A look at Online English Teaching
Starting an online English teaching business is an exciting venture. And with over 1.5 billion learners out there, it is a potentially lucrative initiative. The basic concept is a no-brainer, but what about all the paths that lead to and fro? Where will they take us? Are they costly? Can we avoid those that make us cringe with loathing?
If you’re just starting out you may be wondering what I mean by paths. These are the little ‘sub-journeys’ you must take in order to nurture your business to its full potential. During my presentation we will be taking a detailed look at these paths which include the responsibilities, elements and tools involved in and available to us as online teachers. But before the air raid of a myriad of details, I wanted to let you know that I started out just like you. I had a computer with an integrated webcam and mic and experience as an EFL teacher. I had no big picture, no details. My only regret is not having started sooner.
Walk the Path in your PJ’s
Online EFL teaching has many advantages over in-person training: better time management, no travel expenses and the option to work in your slippers!
It is however a multi-faceted endeavour and requires the command of many disciplines: teaching, method development, administration, marketing, IT and we can’t forget about residual and alternative income sources.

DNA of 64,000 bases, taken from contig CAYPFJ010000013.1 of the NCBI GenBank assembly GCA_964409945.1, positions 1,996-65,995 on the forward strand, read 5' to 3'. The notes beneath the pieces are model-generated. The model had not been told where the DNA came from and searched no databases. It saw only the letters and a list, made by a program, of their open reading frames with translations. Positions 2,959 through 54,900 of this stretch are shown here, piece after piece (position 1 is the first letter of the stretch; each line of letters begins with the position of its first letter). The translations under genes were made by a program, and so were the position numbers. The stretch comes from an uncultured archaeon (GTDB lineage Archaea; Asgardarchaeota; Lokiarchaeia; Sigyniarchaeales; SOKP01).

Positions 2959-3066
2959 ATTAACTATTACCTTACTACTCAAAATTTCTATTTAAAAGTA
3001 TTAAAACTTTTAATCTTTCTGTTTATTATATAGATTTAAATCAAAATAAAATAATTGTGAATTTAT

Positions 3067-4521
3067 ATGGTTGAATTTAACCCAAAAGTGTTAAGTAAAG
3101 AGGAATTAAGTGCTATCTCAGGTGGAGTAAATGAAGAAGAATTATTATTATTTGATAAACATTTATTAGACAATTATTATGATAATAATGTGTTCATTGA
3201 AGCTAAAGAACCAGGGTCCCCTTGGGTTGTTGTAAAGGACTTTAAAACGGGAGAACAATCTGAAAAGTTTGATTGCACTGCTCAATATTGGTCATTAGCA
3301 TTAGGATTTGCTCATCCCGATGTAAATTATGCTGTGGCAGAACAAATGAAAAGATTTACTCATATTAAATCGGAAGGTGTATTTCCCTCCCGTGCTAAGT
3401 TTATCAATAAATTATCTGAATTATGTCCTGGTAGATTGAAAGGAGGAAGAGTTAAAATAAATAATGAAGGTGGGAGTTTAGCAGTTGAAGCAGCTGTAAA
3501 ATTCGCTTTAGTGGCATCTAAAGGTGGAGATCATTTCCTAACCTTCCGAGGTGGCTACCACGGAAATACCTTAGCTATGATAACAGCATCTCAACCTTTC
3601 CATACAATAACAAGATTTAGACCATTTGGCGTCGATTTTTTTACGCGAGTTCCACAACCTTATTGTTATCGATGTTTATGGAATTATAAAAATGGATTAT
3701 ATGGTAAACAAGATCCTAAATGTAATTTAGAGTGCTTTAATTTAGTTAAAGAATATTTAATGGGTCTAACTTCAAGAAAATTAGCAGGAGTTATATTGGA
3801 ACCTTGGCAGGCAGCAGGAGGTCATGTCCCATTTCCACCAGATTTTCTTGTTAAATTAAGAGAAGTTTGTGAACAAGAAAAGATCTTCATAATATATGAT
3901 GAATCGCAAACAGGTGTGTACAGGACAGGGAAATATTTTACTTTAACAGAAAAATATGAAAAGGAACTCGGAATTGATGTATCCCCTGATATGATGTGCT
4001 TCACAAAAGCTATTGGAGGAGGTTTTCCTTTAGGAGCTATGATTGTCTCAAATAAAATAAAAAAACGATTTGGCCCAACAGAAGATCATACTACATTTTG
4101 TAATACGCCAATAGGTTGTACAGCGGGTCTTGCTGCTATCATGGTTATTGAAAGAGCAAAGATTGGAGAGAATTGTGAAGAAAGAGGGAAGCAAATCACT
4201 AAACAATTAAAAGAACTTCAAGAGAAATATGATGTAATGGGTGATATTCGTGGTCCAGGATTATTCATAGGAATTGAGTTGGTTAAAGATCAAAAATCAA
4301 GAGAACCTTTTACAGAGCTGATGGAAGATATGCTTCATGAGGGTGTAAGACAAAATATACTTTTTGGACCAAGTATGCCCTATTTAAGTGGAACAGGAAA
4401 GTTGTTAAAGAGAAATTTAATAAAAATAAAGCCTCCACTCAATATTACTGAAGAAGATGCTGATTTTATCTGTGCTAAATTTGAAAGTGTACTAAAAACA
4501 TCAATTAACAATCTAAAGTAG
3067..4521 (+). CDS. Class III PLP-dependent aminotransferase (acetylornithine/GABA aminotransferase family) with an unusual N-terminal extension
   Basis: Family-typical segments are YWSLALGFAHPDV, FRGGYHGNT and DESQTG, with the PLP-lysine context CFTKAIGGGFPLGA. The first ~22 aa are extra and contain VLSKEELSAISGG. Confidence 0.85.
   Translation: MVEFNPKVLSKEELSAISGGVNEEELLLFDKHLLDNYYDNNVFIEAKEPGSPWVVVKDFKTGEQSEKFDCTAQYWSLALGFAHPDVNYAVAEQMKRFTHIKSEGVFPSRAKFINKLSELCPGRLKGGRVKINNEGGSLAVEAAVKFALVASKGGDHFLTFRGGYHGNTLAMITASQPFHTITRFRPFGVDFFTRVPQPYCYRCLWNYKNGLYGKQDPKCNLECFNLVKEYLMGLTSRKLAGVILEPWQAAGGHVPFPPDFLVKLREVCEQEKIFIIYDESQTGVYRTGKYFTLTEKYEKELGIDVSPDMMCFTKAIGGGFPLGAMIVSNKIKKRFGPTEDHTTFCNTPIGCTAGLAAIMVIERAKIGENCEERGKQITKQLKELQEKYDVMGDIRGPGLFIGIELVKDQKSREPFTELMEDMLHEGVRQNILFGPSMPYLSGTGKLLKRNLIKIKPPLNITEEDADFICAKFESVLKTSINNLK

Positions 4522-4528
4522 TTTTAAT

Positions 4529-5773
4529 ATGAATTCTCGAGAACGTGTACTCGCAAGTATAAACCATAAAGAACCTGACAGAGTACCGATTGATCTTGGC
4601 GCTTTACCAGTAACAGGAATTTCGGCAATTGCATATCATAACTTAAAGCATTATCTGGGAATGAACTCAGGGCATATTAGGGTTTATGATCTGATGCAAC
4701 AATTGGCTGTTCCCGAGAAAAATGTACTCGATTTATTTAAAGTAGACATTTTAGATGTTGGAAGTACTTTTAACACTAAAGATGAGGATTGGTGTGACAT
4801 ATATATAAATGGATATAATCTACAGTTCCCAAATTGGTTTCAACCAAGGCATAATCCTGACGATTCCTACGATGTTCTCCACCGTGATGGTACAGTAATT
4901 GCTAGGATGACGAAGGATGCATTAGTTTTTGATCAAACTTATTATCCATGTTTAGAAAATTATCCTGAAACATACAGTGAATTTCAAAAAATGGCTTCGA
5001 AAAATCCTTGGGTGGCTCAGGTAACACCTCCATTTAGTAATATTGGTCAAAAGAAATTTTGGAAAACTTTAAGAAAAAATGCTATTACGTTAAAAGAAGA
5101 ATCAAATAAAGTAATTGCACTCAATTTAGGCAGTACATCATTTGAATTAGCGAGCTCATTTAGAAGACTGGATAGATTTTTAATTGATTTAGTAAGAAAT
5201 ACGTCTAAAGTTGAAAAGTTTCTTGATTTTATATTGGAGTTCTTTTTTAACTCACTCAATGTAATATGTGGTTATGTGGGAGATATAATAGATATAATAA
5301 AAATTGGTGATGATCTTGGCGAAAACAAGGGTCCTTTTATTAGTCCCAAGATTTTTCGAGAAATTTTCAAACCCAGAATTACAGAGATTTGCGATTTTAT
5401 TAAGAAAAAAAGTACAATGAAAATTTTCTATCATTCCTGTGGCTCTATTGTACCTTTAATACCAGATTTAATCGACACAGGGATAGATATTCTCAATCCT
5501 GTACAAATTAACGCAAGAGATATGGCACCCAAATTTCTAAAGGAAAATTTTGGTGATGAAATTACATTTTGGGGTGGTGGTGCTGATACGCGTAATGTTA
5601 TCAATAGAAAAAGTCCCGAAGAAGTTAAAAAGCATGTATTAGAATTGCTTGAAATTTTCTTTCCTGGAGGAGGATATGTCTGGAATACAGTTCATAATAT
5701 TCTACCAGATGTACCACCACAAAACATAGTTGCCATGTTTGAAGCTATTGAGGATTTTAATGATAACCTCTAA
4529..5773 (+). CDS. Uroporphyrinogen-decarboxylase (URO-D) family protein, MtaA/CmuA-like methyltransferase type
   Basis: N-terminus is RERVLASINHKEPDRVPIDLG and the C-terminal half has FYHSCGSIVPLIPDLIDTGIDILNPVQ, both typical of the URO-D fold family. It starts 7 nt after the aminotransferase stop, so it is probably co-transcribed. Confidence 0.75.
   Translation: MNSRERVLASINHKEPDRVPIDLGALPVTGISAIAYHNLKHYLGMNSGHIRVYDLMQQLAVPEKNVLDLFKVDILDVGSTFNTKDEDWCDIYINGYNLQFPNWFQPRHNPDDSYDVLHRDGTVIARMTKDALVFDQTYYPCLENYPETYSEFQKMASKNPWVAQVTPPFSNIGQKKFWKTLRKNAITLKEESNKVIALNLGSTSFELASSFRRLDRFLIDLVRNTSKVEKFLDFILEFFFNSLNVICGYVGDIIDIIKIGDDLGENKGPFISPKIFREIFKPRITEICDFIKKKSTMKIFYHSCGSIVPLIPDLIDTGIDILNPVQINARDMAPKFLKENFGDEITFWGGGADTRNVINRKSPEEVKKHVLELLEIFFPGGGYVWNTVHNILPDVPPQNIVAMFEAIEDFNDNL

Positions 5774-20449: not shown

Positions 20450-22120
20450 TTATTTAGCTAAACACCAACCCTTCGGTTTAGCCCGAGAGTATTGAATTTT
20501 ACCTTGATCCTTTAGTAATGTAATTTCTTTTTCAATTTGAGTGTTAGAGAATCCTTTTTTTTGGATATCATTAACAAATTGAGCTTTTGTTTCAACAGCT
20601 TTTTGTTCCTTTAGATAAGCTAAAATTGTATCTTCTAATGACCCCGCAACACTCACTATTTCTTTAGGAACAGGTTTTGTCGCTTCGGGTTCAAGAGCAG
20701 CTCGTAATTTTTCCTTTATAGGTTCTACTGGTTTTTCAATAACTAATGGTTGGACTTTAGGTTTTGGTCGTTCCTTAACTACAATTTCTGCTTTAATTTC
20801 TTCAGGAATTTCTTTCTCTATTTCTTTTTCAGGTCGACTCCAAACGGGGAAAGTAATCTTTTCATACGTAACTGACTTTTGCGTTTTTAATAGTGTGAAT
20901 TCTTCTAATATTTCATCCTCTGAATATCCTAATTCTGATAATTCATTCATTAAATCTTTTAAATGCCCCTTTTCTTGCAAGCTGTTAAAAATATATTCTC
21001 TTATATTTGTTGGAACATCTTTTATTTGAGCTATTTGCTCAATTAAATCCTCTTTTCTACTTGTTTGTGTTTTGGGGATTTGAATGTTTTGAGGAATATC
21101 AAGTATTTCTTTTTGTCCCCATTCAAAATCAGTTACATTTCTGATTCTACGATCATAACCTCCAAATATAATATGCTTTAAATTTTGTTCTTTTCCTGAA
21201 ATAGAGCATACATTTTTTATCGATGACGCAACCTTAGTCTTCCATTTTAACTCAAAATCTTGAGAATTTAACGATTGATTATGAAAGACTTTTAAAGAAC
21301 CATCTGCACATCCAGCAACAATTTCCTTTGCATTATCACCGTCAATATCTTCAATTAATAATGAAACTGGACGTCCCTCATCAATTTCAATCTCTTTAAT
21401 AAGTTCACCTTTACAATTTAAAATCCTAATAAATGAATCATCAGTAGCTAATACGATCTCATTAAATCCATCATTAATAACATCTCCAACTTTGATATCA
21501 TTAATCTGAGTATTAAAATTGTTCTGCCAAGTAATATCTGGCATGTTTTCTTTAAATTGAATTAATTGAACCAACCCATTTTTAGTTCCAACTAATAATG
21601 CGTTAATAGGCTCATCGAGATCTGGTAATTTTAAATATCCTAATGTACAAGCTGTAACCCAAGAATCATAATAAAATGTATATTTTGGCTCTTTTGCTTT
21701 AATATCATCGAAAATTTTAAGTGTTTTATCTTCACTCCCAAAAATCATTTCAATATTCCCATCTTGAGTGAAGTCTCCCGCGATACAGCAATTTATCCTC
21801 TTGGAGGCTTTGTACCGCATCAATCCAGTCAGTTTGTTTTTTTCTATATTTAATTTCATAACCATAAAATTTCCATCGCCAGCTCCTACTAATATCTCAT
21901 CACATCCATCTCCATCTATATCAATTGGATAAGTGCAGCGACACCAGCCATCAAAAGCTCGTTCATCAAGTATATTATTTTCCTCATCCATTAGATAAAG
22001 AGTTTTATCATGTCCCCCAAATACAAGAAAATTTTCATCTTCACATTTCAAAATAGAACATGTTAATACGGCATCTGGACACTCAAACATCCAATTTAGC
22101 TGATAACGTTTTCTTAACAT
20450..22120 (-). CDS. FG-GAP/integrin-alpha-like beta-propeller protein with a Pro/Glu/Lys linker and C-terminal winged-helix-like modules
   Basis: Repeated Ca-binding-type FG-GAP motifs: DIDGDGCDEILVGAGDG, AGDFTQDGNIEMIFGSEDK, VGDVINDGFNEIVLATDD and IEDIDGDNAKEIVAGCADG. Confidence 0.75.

If you are making the transition from in person training to online, you may have to make adjustments in your method. Actually, the online teaching experience you are offering should be richer for the learner, as you have so many more resources at your fingertips if you’re at a keyboard. You also have the technology to make the homework more dynamic, and most importantly, mobile.
Marketing your online course is also much different than promoting your in-person training. Whereas you limit your publicity to a specific geographical location when you are promoting your face-to-face classes, running your business online means reaching out to others all over the globe.
Where to start? Some folks are huge advocates of the mailing list. This is a free and not very time consuming way to reach former and potential clients on a regular basis. But what if you don’t have a list? Here’s a hack for you: with this one post on LinkedIn I built a mailing list from from zero to 600 in a week. The key is to give away what I call ‘free bananas.’ Feel free to copy and paste this text (well, don’t forget to change the free bananas!):
I’m sending my FREE guide, “50 Phrasal Verbs for Business” to all who ask me for it.
Just leave your email address below and I will send it as soon as possible. Periodically I send mails with ideas and proposals to improve your fluency in English. You can unsubscribe at any time.
IMPORTANT: Do not forget Deactivate the option “Send an email for each new comment,” to not receive an email whenever users leave their e-mails. And please, check your spam box.
Of course online teaching has some technological challenges. If you live in a big city you likely have a good internet connection, but if you’re out in the boonies like me, establishing a solid connection can be contest between you and your provider. I get around this problem somewhat by using zoom.us for the lessons. Zoom is specifically designed for low bandwidth, it’s a freemium service (the zero cost package is perfect for one-to-one classes), is more professional looking than google hangouts, and has features that Skype doesn’t have such as being able to record and a whiteboard.